Tag Archives: Moorea

Staphylinidae gen. & sp. ‘Mo’orea’

Moorean Osoriine Rove Beetle (Staphylinidae gen. & sp.)

This species is known from at least a single head capsule that was recovered from deposits on the island of Mo’orea in the Society Islands; it can at least assigned to the subfamily Osoriinae. [1]

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References:

[1] Jennifer G. Kahn, Cordelia Nickelsen, Janelle Stevenson, Nick Porch, Emilie Dotte-Sarout, Carl C. Christensen, Lauren May, J. Stephen Athens, Patrick V. Kirch: Mid- to late Holocene landscape change and anthropogenic transformations on Mo‘orea, Society Islands: A multi-proxy approach. The Holocene 1-15. 2014

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edited: 31.10.2020

Curculionidae gen. & sp. ‘Mo’orea’

Moorean Cossonine Weevil(s) (Curculionidae gen. & sp.)

At least five genera/species assignable to the weevil subfamily Cossoninae are known from subfossil pronota found in deposits on the island of Mo’orea, Society Islands.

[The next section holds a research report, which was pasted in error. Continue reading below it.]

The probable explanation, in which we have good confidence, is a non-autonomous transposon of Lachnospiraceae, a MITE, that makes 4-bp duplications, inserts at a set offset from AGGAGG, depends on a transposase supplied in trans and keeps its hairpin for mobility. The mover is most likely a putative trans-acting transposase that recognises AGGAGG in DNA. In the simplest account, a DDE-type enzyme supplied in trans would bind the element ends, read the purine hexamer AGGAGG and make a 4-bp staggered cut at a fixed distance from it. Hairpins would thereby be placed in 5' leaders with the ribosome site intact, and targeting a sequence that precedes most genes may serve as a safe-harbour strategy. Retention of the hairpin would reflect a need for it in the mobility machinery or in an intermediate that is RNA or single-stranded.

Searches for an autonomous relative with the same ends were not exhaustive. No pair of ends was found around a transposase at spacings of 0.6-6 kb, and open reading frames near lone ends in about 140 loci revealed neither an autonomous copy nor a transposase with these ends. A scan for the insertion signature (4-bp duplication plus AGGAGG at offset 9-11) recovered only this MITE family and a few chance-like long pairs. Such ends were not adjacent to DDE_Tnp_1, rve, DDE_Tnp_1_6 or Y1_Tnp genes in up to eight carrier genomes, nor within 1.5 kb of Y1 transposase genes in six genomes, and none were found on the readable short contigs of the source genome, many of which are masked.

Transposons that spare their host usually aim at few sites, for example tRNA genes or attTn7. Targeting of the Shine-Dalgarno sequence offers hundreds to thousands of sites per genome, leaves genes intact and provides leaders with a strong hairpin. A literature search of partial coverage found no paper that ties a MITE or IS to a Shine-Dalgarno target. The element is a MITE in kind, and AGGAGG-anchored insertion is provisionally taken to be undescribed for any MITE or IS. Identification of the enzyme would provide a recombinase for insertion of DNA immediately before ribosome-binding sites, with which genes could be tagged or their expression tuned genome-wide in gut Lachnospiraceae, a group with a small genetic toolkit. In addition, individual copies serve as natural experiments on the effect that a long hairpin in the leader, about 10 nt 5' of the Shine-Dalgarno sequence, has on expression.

These remains belong to species of very different dimensions; the largest of them being almost nine times as large as the smallest.

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References:

[1] Jennifer G. Kahn, Cordelia Nickelsen, Janelle Stevenson, Nick Porch, Emilie Dotte-Sarout, Carl C. Christensen, Lauren May, J. Stephen Athens, Patrick V. Kirch: Mid- to late Holocene landscape change and anthropogenic transformations on Mo‘orea, Society Islands: A multi-proxy approach. The Holocene 1-15. 2014

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edited: 31.10.2020

Ampagia sp. ‘Moorea’

Moorean Ampagia Weevil (Ampagia sp.)

This species is apparently only known from a subfossil head capsule that was recovered from deposits on the island of Mo’orea in the Society Islands.

The species might have been mainly black in color. [1]

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References:  

[1] Jennifer G. Kahn, Cordelia Nickelsen, Janelle Stevenson, Nick Porch, Emilie Dotte-Sarout, Carl C. Christensen, Lauren May, J. Stephen Athens, Patrick V. Kirch: Mid- to late Holocene landscape change and anthropogenic transformations on Mo‘orea, Society Islands: A multi-proxy approach. The Holocene 1-15. 2014